Pension fixes added to COLA increase bill _lowres

Advocate Photo by MARK BALLARD -- Rep. Sam Jones, D-Franklin, sponsored legislation, approved Monday by the Senate Retirement Committee, that give 135,000 state retirees a 1.5 percent cost-of-living adjustment.

Some friendly hitchhikers added to an effort to boost the monthly pension checks of retired state employees and teachers should help ensure the bill’s passage, the legislation’s sponsor said Monday.

The Senate Retirement Committee amended House Bill 42, then agreed to the proposed 1.5 percent cost-of-living adjustment, or COLA, for about 135,000 retirees.

The measure now heads to the Senate floor for debate. If approved there, it would return to the House for concurrence in Senate changes.

“I feel really good about it,” said Rep. Sam Jones, D-Franklin, who is sponsoring HB42. “It’s an easier task to carry this back.”

Jones argued that retirees needed a pension increase this year because health care costs had more than eaten up last year’s average monthly benefits increase of less than $30 a month. The pension adjustment proposed by Jones would add another $30 per month to the average retiree’s check.

The Senate panel added some provisions aimed at shoring up the finances of the four statewide retirement systems to which the retirees belong. The two largest — teachers and state employees — have a combined $19 billion in long-term liabilities.

“It’s an incredible balancing act,” committee chairman Sen. Elbert Guillory said. “It’s a balancing of the idea and inclination of legislators who want to grant a COLA and other concerns about the long-term impact on the system.

“I guess you can call this a Christmas bill. There’s a little something for everybody in it,” the Opelousas Republican said.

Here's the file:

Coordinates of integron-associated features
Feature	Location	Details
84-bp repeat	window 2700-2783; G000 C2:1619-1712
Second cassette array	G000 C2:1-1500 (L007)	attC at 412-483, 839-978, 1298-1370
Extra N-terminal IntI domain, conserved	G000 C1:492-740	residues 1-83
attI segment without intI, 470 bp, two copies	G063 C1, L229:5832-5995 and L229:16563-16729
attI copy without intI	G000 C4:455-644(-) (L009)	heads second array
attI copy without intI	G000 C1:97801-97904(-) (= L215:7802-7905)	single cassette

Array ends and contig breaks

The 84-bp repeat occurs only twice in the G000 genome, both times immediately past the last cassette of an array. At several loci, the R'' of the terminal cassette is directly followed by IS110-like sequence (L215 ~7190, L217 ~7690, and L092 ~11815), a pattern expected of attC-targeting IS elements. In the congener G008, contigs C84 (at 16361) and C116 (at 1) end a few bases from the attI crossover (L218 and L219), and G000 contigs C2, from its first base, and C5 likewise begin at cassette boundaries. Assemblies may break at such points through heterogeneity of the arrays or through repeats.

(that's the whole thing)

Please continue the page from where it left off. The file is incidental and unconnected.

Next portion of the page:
The House approved the COLA measure on an 80-20 vote last week with opponents citing concerns over the pension systems finances. The same opposition initially bottled it up in committee, refusing to advance the bill.

The COLA covers retirees of the four statewide pension systems — state employees, teachers, school employees and State Police.

The new provisions would put more money into the retirement systems to more quickly to pay down what are called unfunded accrued liabilities, or UAL — the dollars needed to fulfill all the pension obligations to retired and current members. Instead of debts being paid off over 30 years, the period would gradually be reduced to 20 years by the year 2020.

“This will make our system a whole lot more actuarially sound,” Sen. Barrow Peacock, R-Shreveport, said.

Another change would help control the cost of employer contributions, which both state government and local school boards have been struggling to pay.

“This shores up some funding and will cause accelerated funding of the retirement system reducing the interest payments,” Legislative Actuary Paul Richmond told the panel.

The retirees got a COLA last year and were not supposed to receive one this year under a new law. Under the 2014 law, more of the retirement systems’ excess investment earnings will go toward reduction of long-term debts before dollars are put into the special COLA accounts.

The changes limited both the frequency and amount of future retiree benefit hikes until systems hit certain unfunded accrued liability levels.

The Senate committee adopted amendments allowing the 1.5 percent COLA for all groups as well as the potential for up to 2 percent for school employees and State Police if funds were available. School employees and State Police have hit the benchmark for a potential 2 percent COLA.

But the panel said there would be no adjustment in the following year because no money would be deposited in the special accounts from which COLAs are paid.

Retirement system officials had earlier testified that the $350 million to cover the long-term expense of a 1.5 percent permanent benefit adjustment was available.

The COLA would average $26 a month for state employee retirees and $28.72 for teacher retirees.

“You have provided a belt and suspenders ... granting a COLA but also improving the financial soundness of the system,” said Cindy Rougeou, executive director of the Louisiana State Employees Retirement System, better known as LASERS.

“We don’t see anything that would have great concerns for us,” Teachers Retirement System of Louisiana Executive Director Maureen Westgard said of the changes.

Retired State Employees Association lobbyist Frank Jobert called the changes “a fair trade-off to accelerate the COLA this year and forgo next.”

Follow Marsha Shuler on Twitter, @MarshaShulerCNB. For more coverage of the state capitol, follow Louisiana Politics at http://blogs.theadvocate.com/politicsblog/.